As part of the campaign, the players are calling on athletes of all levels nationwide to follow their lead and show their support of Concussion Aware by wearing uniqely designed elite performance bootlaces, which have been created especially for the campaign and will be on sale in Life Style stores nationwide and online. 100% of the proceeds will go directly to Headway and to raising further awareness of the dangers of concussion. 

Earlier this year, campaign sponsor laya healthcare launched their own concussion screening management programme for young rugby players called Head On.

“We are very concerned about the impact of concussion on contact sports and we have invested heavily in screening in this area to make sports safe for all,” said Kevin Kent, Marketing Manager with laya healthcare.

 “We believe that the benefits of playing sports and keeping active far outweigh the risks, but only when coaches, parents and players are as educated and informed as possible about the risks of concussion, how to identify a concussion and what to do if a concussion happens. We know there is still a lot of work to be done in order to change attitudes towards head injury in sport and that’s why we fully support this Concussion Aware campaign and encourage everyone to wear the campaign bootlaces and drive awareness of concussion.”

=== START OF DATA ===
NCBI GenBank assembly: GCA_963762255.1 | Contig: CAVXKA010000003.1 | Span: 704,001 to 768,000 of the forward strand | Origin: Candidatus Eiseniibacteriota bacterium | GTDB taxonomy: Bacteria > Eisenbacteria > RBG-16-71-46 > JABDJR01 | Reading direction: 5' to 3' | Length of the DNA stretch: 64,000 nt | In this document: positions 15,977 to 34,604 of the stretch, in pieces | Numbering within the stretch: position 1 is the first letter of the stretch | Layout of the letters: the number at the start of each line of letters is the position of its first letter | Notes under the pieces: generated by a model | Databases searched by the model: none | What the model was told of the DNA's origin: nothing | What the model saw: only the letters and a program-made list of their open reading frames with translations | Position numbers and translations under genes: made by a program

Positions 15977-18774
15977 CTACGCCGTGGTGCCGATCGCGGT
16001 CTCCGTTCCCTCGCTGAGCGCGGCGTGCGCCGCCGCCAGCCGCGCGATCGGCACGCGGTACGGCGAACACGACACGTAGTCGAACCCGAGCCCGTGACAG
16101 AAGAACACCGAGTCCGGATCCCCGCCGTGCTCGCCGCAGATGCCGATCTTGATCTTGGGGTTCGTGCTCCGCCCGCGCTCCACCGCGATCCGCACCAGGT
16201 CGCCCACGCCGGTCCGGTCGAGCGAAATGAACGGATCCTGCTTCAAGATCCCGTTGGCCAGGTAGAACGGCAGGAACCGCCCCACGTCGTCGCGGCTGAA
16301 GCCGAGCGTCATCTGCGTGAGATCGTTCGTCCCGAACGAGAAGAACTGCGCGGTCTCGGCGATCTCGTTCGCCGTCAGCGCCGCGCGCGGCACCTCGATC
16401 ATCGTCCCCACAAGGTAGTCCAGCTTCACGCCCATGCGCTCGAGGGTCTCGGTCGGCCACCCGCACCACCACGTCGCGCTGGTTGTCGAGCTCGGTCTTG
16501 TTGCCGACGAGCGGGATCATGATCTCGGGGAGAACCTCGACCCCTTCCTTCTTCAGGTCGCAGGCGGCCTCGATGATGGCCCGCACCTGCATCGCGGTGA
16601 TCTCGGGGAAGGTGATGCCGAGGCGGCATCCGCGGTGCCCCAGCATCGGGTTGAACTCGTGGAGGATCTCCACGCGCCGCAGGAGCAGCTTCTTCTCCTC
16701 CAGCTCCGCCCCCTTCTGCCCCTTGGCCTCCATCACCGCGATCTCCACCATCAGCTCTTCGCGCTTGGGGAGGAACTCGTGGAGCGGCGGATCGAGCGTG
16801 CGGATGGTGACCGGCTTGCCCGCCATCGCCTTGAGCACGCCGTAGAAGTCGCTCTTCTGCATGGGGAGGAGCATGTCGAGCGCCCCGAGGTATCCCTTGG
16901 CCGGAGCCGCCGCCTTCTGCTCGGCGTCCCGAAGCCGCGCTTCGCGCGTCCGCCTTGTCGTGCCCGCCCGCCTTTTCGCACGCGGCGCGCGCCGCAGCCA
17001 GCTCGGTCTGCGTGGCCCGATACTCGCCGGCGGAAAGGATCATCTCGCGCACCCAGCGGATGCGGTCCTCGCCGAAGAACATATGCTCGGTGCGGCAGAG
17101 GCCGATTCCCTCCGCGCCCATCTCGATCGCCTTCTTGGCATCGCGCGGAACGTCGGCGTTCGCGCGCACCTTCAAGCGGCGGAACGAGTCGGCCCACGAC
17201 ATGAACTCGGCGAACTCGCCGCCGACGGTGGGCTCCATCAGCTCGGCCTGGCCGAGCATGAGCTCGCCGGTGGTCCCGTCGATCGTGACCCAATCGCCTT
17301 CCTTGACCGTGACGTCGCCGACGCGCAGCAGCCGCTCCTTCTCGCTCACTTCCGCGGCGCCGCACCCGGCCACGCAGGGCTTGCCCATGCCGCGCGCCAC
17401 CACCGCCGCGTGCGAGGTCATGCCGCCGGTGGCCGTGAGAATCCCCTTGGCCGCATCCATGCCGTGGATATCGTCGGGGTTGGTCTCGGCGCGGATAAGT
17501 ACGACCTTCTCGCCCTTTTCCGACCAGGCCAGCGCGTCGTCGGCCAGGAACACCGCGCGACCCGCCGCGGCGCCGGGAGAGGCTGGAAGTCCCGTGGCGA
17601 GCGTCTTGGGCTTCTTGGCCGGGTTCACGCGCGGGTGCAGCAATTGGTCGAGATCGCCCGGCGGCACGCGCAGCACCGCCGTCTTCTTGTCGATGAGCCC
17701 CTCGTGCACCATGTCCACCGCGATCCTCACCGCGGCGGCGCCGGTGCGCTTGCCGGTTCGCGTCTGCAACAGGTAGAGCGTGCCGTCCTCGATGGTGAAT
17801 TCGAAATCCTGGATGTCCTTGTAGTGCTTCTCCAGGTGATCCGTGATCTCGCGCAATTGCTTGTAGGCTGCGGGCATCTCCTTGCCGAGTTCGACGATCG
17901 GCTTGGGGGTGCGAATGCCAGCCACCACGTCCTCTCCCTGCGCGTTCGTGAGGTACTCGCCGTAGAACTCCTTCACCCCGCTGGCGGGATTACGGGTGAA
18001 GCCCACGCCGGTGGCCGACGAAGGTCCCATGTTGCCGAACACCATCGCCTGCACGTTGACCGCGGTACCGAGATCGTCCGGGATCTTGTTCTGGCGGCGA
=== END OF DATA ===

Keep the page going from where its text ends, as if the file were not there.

Seamus Coleman, Ireland soccer captain has a word of advice for all players of sport, no matter what their age: “It comes down to knowing the signs of concussion and looking after your teammates and yourself. If a player is concussed, they may be in a confused state so will be relying on their teammates and coach to recognise that something isn’t right. If there is a shadow of a doubt, it’s so vital that they come off the field of play and sit it out. It might sound dramatic but you really could end up saving a player’s sports career, we’ve all seen some of our heroes having to retire early due to the impact of concussion.”

Mark Stafford, CEO, Life Style Sports added: “Life Style Sports are delighted to be the exclusive retail partner for this initiative to highlight the importance across all codes of the effects of concussion within the game. The laces can be purchased in all of our 58 stores nationwide and all proceeds will go back to Headway.”

For further information and for the full survey results, visit www.concussionaware.ie and check out the campaign on Headway Ireland’s Facebook where you can download your personalised Concussion Aware frame to show your support.